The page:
2014 KIA PROCEED REVIEW
Vehicle Style: Three-door small warm hatch
Price: $33,490 (plus on-roads)
Engine/trans: 150kW/265Nm 4cyl petrol turbo | 6spd manual
Fuel Economy claimed: 7.4 l/100km | tested: 10.4 l/100km
From a brand once synonymous with cheap transport, to a design and quality-driven manufacturer putting the wind up established players - Kia’s star continues its upward trajectory.
And now, to go with the handsome Kia family face, it now counts a pair of warmed performance models in the range that appeal to the heart, not just the head.
It takes aim squarely at the European-market competitors - Golf, Megane et al - with good looks, improved handling and added refinement.
The hint is in the name: the GT part of the badge evokes grand touring. Think swift, comfortable cross-country travel, with the ability to blat through the hills if required, and you’re starting to get the picture.
Except, for this one, Kia's turned 'style' up to eleven.
Quality: Without the slightest exaggeration, this is Kia Australia’s best interior to date.
You'll find more soft-touch surfaces in the Pro_Cee’d and a precision fit and attention to detail that surpass the Cerato, and also bests others in the Kia range of generally good interiors.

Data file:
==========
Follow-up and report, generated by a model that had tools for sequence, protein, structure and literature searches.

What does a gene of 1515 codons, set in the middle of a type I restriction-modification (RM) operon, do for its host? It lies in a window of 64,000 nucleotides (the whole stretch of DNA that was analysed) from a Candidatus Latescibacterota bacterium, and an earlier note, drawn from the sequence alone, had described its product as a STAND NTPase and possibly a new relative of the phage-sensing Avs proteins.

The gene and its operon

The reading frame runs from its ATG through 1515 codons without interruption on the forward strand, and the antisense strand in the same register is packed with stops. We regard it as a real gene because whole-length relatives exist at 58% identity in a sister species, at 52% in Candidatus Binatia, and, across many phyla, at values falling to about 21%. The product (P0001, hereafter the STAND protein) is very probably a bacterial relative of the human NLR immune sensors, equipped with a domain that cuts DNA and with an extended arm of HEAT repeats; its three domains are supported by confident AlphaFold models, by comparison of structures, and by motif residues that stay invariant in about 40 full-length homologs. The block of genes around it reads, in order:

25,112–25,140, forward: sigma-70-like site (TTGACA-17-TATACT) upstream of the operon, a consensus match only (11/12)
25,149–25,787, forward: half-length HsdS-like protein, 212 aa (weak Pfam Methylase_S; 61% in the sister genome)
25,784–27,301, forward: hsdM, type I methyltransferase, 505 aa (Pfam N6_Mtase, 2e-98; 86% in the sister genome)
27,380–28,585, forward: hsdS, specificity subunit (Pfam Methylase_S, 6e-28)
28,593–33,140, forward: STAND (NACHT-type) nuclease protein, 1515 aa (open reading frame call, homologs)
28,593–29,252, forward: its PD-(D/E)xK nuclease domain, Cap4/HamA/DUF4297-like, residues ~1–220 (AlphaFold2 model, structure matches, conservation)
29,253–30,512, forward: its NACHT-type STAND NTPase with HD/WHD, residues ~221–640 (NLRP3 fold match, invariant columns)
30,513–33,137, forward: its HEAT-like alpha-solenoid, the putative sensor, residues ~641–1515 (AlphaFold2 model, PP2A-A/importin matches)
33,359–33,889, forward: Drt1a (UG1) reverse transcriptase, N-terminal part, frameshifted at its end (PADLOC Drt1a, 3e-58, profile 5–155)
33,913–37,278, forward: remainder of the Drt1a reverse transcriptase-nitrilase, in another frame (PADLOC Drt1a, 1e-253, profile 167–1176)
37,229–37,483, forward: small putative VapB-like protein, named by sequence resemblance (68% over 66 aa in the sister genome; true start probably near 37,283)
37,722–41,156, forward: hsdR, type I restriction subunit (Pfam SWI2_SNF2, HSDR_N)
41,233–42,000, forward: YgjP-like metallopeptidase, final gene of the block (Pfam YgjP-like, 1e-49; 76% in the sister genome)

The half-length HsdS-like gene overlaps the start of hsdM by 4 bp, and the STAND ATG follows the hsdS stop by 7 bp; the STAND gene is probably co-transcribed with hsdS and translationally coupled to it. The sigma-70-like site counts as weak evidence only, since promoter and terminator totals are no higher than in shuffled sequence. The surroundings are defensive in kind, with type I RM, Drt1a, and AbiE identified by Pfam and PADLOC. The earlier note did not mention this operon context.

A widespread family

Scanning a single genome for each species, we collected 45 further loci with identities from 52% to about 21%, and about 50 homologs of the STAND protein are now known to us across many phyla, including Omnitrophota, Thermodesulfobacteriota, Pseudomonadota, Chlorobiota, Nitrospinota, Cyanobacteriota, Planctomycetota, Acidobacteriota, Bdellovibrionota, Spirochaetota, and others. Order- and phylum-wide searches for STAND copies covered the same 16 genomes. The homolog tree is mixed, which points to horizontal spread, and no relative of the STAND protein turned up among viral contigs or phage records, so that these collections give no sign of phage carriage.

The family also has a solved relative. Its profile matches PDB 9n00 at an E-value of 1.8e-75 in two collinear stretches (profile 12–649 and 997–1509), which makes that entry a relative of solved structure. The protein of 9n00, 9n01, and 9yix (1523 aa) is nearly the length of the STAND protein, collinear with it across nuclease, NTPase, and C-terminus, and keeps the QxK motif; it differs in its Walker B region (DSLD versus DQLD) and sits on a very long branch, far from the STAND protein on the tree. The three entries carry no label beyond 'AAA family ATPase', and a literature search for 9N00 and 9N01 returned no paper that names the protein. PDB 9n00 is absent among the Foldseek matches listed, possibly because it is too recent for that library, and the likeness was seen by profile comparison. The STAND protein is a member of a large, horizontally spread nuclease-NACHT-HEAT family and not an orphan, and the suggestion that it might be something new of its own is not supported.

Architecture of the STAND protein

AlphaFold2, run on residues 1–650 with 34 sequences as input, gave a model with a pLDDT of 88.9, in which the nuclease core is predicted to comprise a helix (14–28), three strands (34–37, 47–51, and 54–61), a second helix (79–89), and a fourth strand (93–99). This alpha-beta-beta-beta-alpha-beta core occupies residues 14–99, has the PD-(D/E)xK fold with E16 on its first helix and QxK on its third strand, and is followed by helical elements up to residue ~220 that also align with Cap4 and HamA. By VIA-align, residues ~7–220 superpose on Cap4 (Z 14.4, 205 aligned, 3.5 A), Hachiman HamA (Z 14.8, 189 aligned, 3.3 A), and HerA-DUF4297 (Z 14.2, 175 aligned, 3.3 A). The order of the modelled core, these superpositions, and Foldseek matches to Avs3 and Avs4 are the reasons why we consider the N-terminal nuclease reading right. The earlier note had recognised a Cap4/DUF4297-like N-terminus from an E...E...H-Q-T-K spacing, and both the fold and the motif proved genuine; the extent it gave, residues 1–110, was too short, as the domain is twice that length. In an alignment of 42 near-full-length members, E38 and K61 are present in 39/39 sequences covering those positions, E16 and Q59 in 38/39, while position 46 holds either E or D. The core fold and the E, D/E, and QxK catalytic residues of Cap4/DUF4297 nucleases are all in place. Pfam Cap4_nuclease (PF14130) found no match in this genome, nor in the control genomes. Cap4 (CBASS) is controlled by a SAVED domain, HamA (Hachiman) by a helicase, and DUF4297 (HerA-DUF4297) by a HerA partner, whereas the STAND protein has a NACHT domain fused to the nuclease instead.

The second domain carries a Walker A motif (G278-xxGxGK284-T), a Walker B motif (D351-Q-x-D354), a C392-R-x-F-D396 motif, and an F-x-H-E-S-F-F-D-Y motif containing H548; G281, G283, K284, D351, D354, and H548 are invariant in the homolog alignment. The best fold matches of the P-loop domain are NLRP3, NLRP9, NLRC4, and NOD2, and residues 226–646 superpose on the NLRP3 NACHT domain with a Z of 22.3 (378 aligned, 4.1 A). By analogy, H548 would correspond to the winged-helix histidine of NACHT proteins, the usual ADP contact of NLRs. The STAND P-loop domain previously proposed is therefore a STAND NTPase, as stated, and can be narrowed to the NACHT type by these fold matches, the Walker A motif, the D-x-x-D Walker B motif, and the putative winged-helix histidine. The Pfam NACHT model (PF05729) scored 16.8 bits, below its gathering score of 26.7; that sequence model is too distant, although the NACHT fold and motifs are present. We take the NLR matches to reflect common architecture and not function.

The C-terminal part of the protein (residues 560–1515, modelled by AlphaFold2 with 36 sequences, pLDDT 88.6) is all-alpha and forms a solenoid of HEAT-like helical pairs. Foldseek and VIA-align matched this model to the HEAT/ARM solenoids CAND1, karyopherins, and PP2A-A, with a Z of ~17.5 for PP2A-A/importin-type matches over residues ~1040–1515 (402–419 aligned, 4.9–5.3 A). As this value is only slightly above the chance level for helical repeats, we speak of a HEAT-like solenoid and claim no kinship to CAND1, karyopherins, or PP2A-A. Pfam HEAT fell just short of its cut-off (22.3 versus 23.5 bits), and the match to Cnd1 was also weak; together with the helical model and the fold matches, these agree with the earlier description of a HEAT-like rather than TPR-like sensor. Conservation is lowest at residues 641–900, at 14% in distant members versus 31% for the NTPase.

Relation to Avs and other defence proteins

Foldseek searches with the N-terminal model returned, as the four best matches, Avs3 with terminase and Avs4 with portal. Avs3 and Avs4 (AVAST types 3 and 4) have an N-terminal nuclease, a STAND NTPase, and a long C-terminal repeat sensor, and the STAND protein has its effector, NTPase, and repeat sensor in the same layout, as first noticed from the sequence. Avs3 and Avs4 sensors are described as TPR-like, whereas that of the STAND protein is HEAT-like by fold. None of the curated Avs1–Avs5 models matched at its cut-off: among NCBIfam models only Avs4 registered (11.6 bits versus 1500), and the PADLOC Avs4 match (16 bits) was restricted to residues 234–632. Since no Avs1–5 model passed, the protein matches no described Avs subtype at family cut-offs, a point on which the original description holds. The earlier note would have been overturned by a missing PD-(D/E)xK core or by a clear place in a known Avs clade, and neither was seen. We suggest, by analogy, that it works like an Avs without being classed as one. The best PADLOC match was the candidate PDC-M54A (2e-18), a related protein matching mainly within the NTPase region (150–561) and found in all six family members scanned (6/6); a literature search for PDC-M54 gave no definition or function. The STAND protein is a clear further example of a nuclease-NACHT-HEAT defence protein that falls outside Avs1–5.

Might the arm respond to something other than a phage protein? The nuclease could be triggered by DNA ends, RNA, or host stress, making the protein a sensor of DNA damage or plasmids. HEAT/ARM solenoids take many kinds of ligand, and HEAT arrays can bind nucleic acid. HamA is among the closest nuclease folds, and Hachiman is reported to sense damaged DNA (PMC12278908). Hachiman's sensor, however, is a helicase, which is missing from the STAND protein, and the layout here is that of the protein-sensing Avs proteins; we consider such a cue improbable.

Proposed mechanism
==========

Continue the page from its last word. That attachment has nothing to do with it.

There’s also 7-inch TFT screen in the instrument cluster that, in 'GT mode', can be switched from normal circular speedo to a digital speedo with torque and boost gauges.
That's a party trick not matched within its class, and a novel way of boosting the quality feel to the interior.
Comfort: Despite being a three-door, the Pro_Cee’d provides a surprisingly good amount of space. In the rear there’s as much legroom as any five-door.
Headroom is a touch tighter, but isn’t cramped. There’s a stack of room for two, and accommodation for three close friends on short hops without much complaint.
Up front, with those deeply bolstered Recaro front buckets, the support is superb. They’re easy enough to extract yourself from but provide good grip when cornering quickly.
The front of the cushion does seem very high, and short-legged drivers might find the the softly padded thigh-support intrusive. If only the driver’s seat went a touch lower it would be near perfect.
Equipment: The Pro_Cee’d GT comes standard with dual-zone climate control, leather and suede trim, Recaro front seats, leather wrapped sports steering wheel and gear knob, cooled glovebox, trip computer and alloy pedals.
It also comes with LED running lamps and tail lights, auto lights, wipers and rear-view dimming, reverse camera, reverse sensors, steering wheel-mounted cruise control and audio controls and six-speaker audio with Bluetooth connectivity and USB and Aux inputs.
Additional features of the GT Tech include HID headlights with active cornering, a tilt/slide panoramic roof with electric blind, cargo net, additional 12v outlet in the boot, proximity key and push-button start, plus exterior door handle illumination.
Crucially, at the moment there’s no way to add satellite navigation to the Pro_Cee’d, but Kia promises that will change before the end of this year.